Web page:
The Mataderos Fair is sort of similar to the San Telmo Fair, where you can find antiques and artistic crafts, though much less touristy and more local, with a certain focus on the gaucho and provincial culture. Mataderos is right on the edge of the city and gets its name from the market where the majority of the cattle in Buenos Aires have traditionally passed through on their last graze (mataderos means butchers). Ranchers still go into the market and from a catwalk can look down and pick out their cows. Our visit today was a bit less gruesome, though it involved a ton of food just the same. I jumped on the 34 bus in Palermo in the morning (grab it from Avenida Santa Fe and Darregeyra), taking it to the end of the line at the Liniers Station. This ride costs you $1.25 and was fairly fast, going straight across the city on Avenida Juan B. Justo, avoiding traffic on a Sunday morning. By 40 minutes in I got off in pure Latin America.

Carriages Crossing Through

My friend and boss Matías met me at the station and first showed me around Liniers and “Little Bolivia” where for better or worse, we were at a low altitude La Paz. Every thing was “Hair Saloon Bolivia,” “Super Chicken Bolivia,” or “Bolivian Travel Agency”. This was a far call from Recoleta and Palermo, though I felt right at home from my experience in Ecuador. Delicious looking street food was tantalizing and the clothes looked cheap enough to do some serious hunting, but we had other business. We took the 80 bus next ($1.20) to Mataderos, getting off by the Skate Park and walking by some stalls until reaching the fair.

For some reason I had thought that the fair was in a covered warehouse, but it’s just spread out in stalls over a couple of blocks, making use of a small square as well. First we walked around a bit and bought some inflated corn which reminded me of a less-sweet version of Corn Pops. Next I set my eyes on a long wafer filled with homemade dulce de leche, and for $1, I had no choice but to buy it. With all of the meat cooking and wafting in the air, our next obvious choice was to get a choripan (spicy sausage sandwich) which is always a starter to a big barbecue. As we walked around some more we saw that on sale were the typical things–giant gaucho knives, leather goods, fileteado paintings (typical Buenos Aires design), sweets and regional foods, and a number of other interesting knick knacks.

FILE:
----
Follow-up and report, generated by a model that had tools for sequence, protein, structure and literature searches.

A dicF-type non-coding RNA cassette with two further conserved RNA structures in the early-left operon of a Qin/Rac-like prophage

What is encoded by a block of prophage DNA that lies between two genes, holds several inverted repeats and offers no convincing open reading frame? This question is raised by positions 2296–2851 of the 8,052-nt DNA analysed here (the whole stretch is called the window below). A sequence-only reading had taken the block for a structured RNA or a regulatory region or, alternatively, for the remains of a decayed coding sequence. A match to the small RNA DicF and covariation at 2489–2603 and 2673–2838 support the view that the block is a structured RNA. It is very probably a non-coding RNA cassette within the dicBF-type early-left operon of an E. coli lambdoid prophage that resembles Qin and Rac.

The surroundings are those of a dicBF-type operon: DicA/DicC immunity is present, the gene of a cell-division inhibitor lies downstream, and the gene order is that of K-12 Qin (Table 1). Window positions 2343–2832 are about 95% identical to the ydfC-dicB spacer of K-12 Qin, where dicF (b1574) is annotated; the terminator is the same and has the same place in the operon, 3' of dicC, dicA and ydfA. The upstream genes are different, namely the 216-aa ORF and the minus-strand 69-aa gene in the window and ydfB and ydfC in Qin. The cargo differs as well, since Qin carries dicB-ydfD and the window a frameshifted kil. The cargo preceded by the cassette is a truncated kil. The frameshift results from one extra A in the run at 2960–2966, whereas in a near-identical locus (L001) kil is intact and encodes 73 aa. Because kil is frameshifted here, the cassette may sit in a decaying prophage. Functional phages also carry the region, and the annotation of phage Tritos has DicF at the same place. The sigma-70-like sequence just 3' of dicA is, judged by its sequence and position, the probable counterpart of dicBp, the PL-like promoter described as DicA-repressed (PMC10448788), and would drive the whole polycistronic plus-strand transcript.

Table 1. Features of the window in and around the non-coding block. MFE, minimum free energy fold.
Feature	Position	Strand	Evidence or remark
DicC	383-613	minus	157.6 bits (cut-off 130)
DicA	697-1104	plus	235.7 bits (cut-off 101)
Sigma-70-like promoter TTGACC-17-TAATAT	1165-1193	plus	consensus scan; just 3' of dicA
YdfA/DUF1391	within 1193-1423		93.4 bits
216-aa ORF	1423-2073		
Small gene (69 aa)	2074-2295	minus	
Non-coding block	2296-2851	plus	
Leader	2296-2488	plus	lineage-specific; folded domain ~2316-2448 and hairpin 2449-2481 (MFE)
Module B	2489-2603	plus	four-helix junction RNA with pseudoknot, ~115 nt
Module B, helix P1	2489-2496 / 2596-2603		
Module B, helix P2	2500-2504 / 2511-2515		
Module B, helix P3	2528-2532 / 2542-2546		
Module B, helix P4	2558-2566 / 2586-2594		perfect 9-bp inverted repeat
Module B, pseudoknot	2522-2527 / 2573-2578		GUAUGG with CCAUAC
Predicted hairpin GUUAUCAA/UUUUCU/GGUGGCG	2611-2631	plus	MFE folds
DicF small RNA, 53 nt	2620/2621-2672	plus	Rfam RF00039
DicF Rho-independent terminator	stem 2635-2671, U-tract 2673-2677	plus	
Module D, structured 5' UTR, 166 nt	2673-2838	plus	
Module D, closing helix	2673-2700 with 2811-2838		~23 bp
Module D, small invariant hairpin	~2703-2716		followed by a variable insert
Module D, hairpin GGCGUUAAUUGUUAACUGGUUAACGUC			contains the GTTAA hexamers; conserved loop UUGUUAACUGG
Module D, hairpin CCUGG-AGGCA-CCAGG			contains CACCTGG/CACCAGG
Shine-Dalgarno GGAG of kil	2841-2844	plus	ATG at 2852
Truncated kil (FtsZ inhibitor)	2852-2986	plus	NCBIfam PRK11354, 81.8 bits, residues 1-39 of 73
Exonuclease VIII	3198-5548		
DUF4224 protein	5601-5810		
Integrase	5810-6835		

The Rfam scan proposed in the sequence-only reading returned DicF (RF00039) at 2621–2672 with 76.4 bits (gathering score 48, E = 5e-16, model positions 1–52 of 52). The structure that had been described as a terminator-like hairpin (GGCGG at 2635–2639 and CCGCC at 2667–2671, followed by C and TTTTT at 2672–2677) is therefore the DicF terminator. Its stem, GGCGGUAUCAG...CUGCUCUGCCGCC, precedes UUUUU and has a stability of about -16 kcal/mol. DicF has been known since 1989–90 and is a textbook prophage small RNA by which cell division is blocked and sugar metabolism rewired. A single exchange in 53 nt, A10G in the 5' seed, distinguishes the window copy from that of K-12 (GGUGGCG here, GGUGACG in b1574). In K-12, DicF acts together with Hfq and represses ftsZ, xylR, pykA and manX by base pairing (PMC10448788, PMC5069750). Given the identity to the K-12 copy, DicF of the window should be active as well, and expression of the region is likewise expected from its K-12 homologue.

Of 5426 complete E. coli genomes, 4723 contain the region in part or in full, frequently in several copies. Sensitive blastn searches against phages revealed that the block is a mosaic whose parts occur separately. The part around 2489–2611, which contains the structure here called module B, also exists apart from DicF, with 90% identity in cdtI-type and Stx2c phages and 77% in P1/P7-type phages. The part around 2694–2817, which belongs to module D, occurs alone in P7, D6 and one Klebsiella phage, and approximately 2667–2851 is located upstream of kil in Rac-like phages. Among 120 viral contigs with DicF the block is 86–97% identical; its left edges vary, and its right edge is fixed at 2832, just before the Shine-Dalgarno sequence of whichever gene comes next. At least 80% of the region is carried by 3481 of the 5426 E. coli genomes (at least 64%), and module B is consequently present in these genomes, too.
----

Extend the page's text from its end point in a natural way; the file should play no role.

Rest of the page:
Vero and her boyfriend Tano arrived a little after we had finished the choripan and together, the four of us found a restaurant with an open table outside to eat some lunch. We settled on various cuts of meat, including mollejas (cow throat glands), which I was surprised to find that I really enjoyed. With the sun strong and burning me quickly, we filled up and moved on to watch typical folkloric dancing and gaucho games like the Carrera de Sortija, which I’d seen once before at an estancia. This is a game in which a gaucho will race on his horse to a post where a small ring hangs from a string. Using their bombilla (the straw for mate) they must catch the ring cleanly. It looks incredibly difficult but those who succeed do it with grace.

Folkloric Dancing

Content again, we moved on to buy candy and sweets that my friends remembered from their childhood. I was treated to a sugary lolly pop that I patiently worked on for about 25 minutes before I could take no more. It just wouldn’t disappear and required biting. Thinking of the cavities awaiting, I let it go and we walked around a bit longer until leaving. We enjoyed some mate as the sun set, and then it was time to head back home to the other side of the city. I had a really good time today because while I usually don’t go for the markets and fairs, especially as touristy as they come with San Telmo, there was a genuine authentic feel to this place. It was clear that I was one of the few foreigners there, and the market was laid back and family friendly.

If you’ve been in Buenos Aires for a while and are thinking of something new to do, or just don’t want to deal with the crowds at the San Telmo Fair, think about heading down to Mataderos, which is worth a visit.

Meat, Meat, and More Meat